I've you've ever spent a few seconds watching CNBC (and fellas, what is up with those new horrible sound effects with your graphics?), you have certainly seen one or a billion ads for mutual fund companies. T. Rowe Price, Fidelity, that weird ad with the fencers, whatever -- they're all there. (Well, not Vanguard, but I digress.)
Each one of these ads has some claim of investing superiority, with an impressive statement of outperformance against the Lipper averages, the S&P 500, or whatever other relevant marker. Far be it for me to accuse these companies of ginning up their numbers. In fact, I can flat guarantee that they don't. When you think about it, since there is no standard period of measurability, there has to be a length of time in which even the biggest dog fund can look good.
Time is money
Take a look at the small print sometime. "From the period of July 27, 2002, to Sept. 17, 2005, our returns were X." That's great, if you happened to be that one person who invested from that one not-quite-random date to that other not-quite-random date. For the rest of us, rest assured that the method to that madness was to make the investment returns advertised seem as great as possible.
Don't think a few days matter? Well, they do. Let's take the returns from Stocks 2005 as an example. As you may know, this is our product that we put out once a year, seeking to find market-beating investments. In 2002, 2003, and 2004, we smashed the market, and over the longer term, these collections of stocks have continued to outperform, substantially. In 2005, well, we limped in, with a total return of 2.7% vs. 7.4% for the S&P 500 from mid-November 2004 to mid-November 2005. When you're dealing with a one-year period, a length of time that is both short and somewhat random, this is going to happen.
But to take another random length of time, let's say from Nov. 18, 2004, to today, Stocks 2005 has beaten the market, returning 14.2% vs. 11% for the overall market. That's right -- our returns moved up 10% in less than two months, pushing us from negative to positive. Moreover, BioMarin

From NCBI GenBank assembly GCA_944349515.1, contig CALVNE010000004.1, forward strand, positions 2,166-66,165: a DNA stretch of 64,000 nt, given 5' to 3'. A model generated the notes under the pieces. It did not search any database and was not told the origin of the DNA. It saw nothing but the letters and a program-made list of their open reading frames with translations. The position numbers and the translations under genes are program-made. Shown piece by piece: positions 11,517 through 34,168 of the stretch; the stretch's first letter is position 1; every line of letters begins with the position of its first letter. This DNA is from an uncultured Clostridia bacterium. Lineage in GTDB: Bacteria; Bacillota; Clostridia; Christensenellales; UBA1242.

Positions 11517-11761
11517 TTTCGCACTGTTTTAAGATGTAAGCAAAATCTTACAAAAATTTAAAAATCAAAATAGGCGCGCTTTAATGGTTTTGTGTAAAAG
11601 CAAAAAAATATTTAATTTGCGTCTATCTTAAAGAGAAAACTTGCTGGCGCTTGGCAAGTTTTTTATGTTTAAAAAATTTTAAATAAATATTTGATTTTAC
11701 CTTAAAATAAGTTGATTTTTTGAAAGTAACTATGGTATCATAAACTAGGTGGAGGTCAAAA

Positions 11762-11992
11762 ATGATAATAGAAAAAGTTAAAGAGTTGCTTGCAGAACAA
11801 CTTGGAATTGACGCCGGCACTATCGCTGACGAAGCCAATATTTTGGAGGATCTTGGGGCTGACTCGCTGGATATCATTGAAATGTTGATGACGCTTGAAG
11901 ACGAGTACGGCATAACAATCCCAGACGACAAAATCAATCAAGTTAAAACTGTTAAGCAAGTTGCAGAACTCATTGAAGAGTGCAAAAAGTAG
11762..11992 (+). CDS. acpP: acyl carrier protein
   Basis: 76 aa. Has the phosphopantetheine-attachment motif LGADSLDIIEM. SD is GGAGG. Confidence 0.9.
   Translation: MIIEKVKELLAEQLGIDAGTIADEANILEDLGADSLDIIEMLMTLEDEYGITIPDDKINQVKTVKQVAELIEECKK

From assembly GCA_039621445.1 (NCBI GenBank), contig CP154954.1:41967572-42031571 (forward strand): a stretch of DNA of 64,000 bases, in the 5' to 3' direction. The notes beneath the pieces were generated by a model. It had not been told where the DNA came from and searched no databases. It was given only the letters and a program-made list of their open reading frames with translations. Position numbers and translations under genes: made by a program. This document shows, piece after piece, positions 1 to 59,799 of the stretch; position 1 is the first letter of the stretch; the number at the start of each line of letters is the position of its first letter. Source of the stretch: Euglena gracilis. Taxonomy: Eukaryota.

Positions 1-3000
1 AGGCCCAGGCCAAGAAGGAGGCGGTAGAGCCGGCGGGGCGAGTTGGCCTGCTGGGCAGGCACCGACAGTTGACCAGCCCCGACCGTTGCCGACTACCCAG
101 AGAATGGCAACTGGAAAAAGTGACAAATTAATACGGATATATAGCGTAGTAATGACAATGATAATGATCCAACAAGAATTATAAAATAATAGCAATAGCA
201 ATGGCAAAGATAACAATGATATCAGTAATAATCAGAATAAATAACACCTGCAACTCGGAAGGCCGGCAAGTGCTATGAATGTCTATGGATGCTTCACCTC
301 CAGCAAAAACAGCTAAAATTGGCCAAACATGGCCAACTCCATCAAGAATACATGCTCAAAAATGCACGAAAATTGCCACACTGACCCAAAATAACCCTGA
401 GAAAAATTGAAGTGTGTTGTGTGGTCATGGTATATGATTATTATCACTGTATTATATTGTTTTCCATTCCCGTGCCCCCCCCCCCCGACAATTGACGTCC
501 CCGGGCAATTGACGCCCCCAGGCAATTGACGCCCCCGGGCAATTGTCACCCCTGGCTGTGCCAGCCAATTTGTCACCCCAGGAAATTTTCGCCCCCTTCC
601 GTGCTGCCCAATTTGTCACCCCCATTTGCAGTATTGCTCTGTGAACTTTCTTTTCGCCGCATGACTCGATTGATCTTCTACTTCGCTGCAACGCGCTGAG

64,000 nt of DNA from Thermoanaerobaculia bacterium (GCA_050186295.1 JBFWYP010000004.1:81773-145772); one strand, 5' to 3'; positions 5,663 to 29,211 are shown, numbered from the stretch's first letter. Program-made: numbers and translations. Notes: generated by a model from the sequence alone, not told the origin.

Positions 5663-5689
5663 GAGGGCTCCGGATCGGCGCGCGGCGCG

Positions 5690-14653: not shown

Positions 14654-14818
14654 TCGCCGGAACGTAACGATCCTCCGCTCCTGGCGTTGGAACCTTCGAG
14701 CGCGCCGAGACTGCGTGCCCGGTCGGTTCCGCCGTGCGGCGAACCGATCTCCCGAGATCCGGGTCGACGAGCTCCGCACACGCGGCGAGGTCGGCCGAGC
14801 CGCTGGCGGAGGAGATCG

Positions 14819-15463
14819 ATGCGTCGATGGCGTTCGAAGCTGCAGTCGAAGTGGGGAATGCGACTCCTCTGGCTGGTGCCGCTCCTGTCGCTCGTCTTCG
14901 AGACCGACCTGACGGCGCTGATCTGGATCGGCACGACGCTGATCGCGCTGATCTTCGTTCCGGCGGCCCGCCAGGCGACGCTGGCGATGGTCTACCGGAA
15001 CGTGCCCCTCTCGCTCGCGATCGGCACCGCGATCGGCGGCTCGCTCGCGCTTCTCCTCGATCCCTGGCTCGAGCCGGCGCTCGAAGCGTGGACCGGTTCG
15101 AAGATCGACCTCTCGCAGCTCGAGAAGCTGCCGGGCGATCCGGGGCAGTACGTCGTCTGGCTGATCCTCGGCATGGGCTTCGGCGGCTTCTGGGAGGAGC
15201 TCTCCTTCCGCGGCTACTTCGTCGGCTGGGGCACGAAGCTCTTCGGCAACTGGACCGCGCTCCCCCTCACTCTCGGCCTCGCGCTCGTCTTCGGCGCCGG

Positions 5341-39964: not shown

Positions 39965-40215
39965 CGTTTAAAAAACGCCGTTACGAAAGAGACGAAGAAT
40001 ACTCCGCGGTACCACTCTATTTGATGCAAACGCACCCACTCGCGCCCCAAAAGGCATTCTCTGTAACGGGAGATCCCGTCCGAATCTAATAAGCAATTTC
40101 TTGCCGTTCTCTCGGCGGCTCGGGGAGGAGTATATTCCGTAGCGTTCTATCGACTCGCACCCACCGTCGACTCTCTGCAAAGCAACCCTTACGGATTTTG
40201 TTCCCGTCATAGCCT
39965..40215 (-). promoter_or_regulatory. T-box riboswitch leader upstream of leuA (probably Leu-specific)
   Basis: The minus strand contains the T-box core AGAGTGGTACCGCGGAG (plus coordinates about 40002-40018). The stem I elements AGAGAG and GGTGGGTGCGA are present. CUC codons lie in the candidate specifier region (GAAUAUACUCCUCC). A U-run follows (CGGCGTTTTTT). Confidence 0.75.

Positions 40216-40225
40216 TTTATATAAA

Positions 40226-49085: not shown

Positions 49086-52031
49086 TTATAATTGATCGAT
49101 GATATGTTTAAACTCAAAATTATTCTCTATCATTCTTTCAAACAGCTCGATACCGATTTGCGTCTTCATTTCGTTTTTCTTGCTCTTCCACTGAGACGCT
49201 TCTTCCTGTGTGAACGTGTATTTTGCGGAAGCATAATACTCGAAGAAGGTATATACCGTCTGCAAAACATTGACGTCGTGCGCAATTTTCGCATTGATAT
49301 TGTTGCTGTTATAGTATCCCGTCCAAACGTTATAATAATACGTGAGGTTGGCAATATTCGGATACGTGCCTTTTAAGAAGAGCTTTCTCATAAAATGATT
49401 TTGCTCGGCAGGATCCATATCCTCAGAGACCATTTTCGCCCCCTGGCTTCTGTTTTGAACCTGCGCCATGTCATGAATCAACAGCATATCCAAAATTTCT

The method to madness
Let's be honest, though. Annual, or close to annual, returns are kind of random. What we seek to provide are multiyear, multibagger returns -- the kinds where we have correctly identified companies that have characteristics to turn small investments into massive ones. We have a few places where we mine our ideas:
(1) Misunderstood companies. In 2003, we identified a cement company called Cemex
(2) Turnarounds. Matthew Richey pulled ValueClick
(3) Underappreciated growth. For 2003, David Gardner swaggered to the table and said he was going to be recommending Activision
Foolish bottom line
These areas of ideas are tried and true for successful investors. Look where others aren't. Buy what people hate. Find companies that have a hidden or underappreciated advantage that, when revealed, holds the promise for gains that will slaughter the market averages.
Don't worry if you fail to get it right all the time, or even half the time. Those that work out tend to bury the impact of those that do not. But perhaps most important, recognize that you need to give your investing thesis time to come to fruition. It may take longer than you would like, but if you're right, you will profit.
Interested in learning more about our stock-picking approach? For more, and for the 12 stocks Motley Fool analysts like for the year ahead, click here to get a copy of Stocks 2006.
Bill Mann is the editor of Stocks 2006 , which is only available for a limited time. Bill does not own shares of any company mentioned in this article. Activision is a Motley Fool Stock Advisor recommendation. Microsoft is a Motley Fool Inside Value recommendation. The Fool has a disclosure policy.